The codes for the second character when used to accent the first are as follows. Note that not every character can take every accent.
! Grave.
> Circumflex.
? Tilde. (This is not ~ as RFC 1345 does not assume that character is present on the keyboard.)
- Macron. (A horizonal bar over the base character.)
( Breve. (A shallow dish shape over the base character.)
. Dot above the base character, or in the case of i no dot, or in the case of L and l a centered dot.
: Diaeresis (Umlaut).
c Cedilla.
_ Underline, however there are currently no underlined characters.
/ Stroke through the base character.
" Double acute (only supported on a few letters).
; Ogonek. (A little forward facing hook at the bottom right of the character.)
< Caron. (A little v over the letter.)
0 Circle over the base character.
2 Hook over the base character.
9 Horn over the base character.
The most common characters from the Arabic, Cyrillic, Greek and Hebrew alphabets are available; consult RFC 1345 for the appropriate sequences. In addition, a set of two letter codes not in RFC 1345 are available for the double-width characters corresponding to ASCII characters from ! to ~ (0x21 to 0x7e) by preceeding the character with ^, for example ^A for a double-width A.
The following other two-character sequences are understood.
ASCII characters
  These are already present on most keyboards:
<( Left square bracket
// Backslash (solidus)
)> Right square bracket
(! Left brace (curly bracket)
!! Vertical bar (pipe symbol)
!) Right brace (curly bracket)
’? Tilde
Special letters
  Characters found in various variants of the Latin alphabet:
ss Eszett (scafes S)
D-, d-
TH, th Thorn
kk Kra
’n ’n
NG, ng Ng
OI, oi Oi
yr yr
ED ezh
Currency symbols
Pd Pound sterling (also lira and others)
Cu Currency
Ye Yen
Eu Euro (N.B. not in RFC 1345)
Punctuation characters
  References to "right" quotes indicate the shape (like a 9 rather than 6) rather than their grammatical use. (For example, a "right" low double quote is used to open quotations in German.)
!I Inverted exclamation mark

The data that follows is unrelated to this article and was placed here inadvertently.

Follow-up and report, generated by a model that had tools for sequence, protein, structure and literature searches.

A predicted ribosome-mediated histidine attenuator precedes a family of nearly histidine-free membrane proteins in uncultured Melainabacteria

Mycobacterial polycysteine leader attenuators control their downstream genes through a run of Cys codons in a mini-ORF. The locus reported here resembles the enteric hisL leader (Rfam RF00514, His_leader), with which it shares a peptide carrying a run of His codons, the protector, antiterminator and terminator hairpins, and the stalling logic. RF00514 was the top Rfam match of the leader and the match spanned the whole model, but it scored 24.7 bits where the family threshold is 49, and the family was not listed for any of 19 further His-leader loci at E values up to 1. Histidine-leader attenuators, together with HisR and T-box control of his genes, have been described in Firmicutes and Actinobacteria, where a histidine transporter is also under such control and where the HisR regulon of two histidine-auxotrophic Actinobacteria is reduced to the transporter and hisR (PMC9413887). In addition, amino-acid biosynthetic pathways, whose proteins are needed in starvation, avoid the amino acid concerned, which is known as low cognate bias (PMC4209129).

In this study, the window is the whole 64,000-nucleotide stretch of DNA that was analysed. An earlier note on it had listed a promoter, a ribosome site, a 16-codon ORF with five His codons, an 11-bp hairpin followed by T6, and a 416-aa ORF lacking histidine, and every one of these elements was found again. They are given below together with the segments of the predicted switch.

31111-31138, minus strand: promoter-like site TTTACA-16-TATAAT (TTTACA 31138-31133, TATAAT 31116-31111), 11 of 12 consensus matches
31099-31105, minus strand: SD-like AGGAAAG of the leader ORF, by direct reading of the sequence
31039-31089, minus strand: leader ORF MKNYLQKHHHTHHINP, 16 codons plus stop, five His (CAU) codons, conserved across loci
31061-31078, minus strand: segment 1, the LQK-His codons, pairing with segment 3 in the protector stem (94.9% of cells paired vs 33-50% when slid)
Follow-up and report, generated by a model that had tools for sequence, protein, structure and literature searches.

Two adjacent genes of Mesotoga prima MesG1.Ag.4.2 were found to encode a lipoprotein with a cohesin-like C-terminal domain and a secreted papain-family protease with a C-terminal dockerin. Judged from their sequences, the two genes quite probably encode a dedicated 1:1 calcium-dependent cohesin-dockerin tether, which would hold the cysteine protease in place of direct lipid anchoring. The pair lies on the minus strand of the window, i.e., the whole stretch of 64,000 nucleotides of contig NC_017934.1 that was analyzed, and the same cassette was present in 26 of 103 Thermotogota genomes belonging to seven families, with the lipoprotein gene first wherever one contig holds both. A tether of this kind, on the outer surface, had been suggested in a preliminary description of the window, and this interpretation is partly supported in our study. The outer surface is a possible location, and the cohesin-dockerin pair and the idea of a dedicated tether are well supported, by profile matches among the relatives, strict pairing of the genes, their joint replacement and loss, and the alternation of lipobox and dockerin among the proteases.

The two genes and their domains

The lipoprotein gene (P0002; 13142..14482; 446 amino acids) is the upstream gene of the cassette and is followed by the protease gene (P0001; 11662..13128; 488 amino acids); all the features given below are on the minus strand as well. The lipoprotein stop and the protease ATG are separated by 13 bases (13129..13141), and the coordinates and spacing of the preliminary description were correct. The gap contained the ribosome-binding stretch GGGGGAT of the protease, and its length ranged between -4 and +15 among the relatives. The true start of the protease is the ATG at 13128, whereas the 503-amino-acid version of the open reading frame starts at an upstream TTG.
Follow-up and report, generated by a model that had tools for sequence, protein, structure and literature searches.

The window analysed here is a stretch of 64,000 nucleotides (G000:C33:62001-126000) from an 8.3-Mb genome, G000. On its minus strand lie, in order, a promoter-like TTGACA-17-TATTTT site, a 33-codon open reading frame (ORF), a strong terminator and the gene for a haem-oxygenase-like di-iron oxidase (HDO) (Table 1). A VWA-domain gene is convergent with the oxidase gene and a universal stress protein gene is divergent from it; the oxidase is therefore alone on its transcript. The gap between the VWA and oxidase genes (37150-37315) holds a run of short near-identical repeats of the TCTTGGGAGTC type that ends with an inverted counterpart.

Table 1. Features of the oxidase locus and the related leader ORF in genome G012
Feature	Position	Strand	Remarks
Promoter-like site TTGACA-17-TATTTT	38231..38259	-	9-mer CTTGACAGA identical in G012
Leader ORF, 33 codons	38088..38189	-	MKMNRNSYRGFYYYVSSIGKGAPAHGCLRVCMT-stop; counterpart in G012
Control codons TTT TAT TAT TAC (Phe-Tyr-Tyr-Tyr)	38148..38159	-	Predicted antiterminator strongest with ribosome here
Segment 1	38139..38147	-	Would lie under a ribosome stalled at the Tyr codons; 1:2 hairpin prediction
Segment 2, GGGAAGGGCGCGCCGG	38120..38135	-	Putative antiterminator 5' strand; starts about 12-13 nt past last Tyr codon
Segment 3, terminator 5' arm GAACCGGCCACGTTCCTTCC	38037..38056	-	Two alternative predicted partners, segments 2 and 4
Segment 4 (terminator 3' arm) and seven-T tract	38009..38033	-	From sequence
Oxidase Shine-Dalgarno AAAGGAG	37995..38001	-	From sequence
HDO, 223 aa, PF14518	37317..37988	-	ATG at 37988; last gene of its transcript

BB Broken vertical bar
SE Section
Co Copyright
-a Spanish feminine ordinal indicator
<< Left guillemet
-- Soft hyphen
Rg Registered trade mark
PI Pilcrow (paragraph)
-o Spanish masculine ordinal indicator
>> Right guillemet
?I Inverted question mark
-1 Hyphen
-N En dash
-M Em dash
-3 Horizontal bar
:3 Vertical ellipsis
.3 Horizontal midline ellipsis
!2 Double vertical line
=2 Double low line
’6 Left single quote
’9 Right single quote
.9 "Right" low quote
9’ Reversed "right" quote
"6 Left double quote
"9 Right double quote
:9 "Right" low double quote
9" Reversed "right" double quote
/- Dagger
/= Double dagger
Mathematical symbols
-2, +-, -+ - sign, +/- sign, -/+ sign
2S Superscript 2
3S Superscript 3
1S Superscript 1
My Micro
.M Middle dot
14 Quarter
12 Half
34 Three quarters
*X Multiplication
-: Division
%0 Per mille
FA, TE, /0
  For all, there exists, empty set
dP, DE, NB
  Partial derivative, delta (increment), del (nabla)
(-, -) Element of, contains
*P, +Z Product, sum
*-, Ob, Sb
  Asterisk, ring, bullet
RT, 0(, 00
  Root sign, proportional to, infinity
Other symbols
cS, cH, cD, cC
  Card suits: spades, hearts, diamonds, clubs
Md, M8, M2, Mb, Mx, MX
  Musical notation: crotchet (quarter note), quaver (eighth note), semiquavers (sixteenth notes), flag sign, natural signa, sharp sign
Fm, Ml Female, male
Accents on their own
  Circumflex (same as caret, ^)
’! Grave (same as backtick, )
’, Cedilla
’: Diaeresis (Umlaut)
’m Macron
’’ Acute

  This function allows you type a file pattern, and see the results of the expansion at each step. When you hit return, all expansions are inserted into the command line.

bindkey ’^Xf’ insert-files

narrow-to-region [ -p pre ] [ -P post ]
[ -S statepm | -R statepm ] [ -n ] [ start end ])
  Narrow the editable portion of the buffer to the region between the cursor and the mark, which may be in either order. The region may not be empty.

narrow-to-region may be used as a widget or called as a function from a user-defined widget; by default, the text outside the editable area remains visible. A recursive-edit is performed and the original widening status is then restored. Various options and arguments are available when it is called as a function.

The options -p pretext and -P posttext may be used to replace the text before and after the display for the duration of the function; either or both may be an empty string.

If the option -n is also given, pretext or posttext will only be inserted if there is text before or after the region respectively which will be made invisible.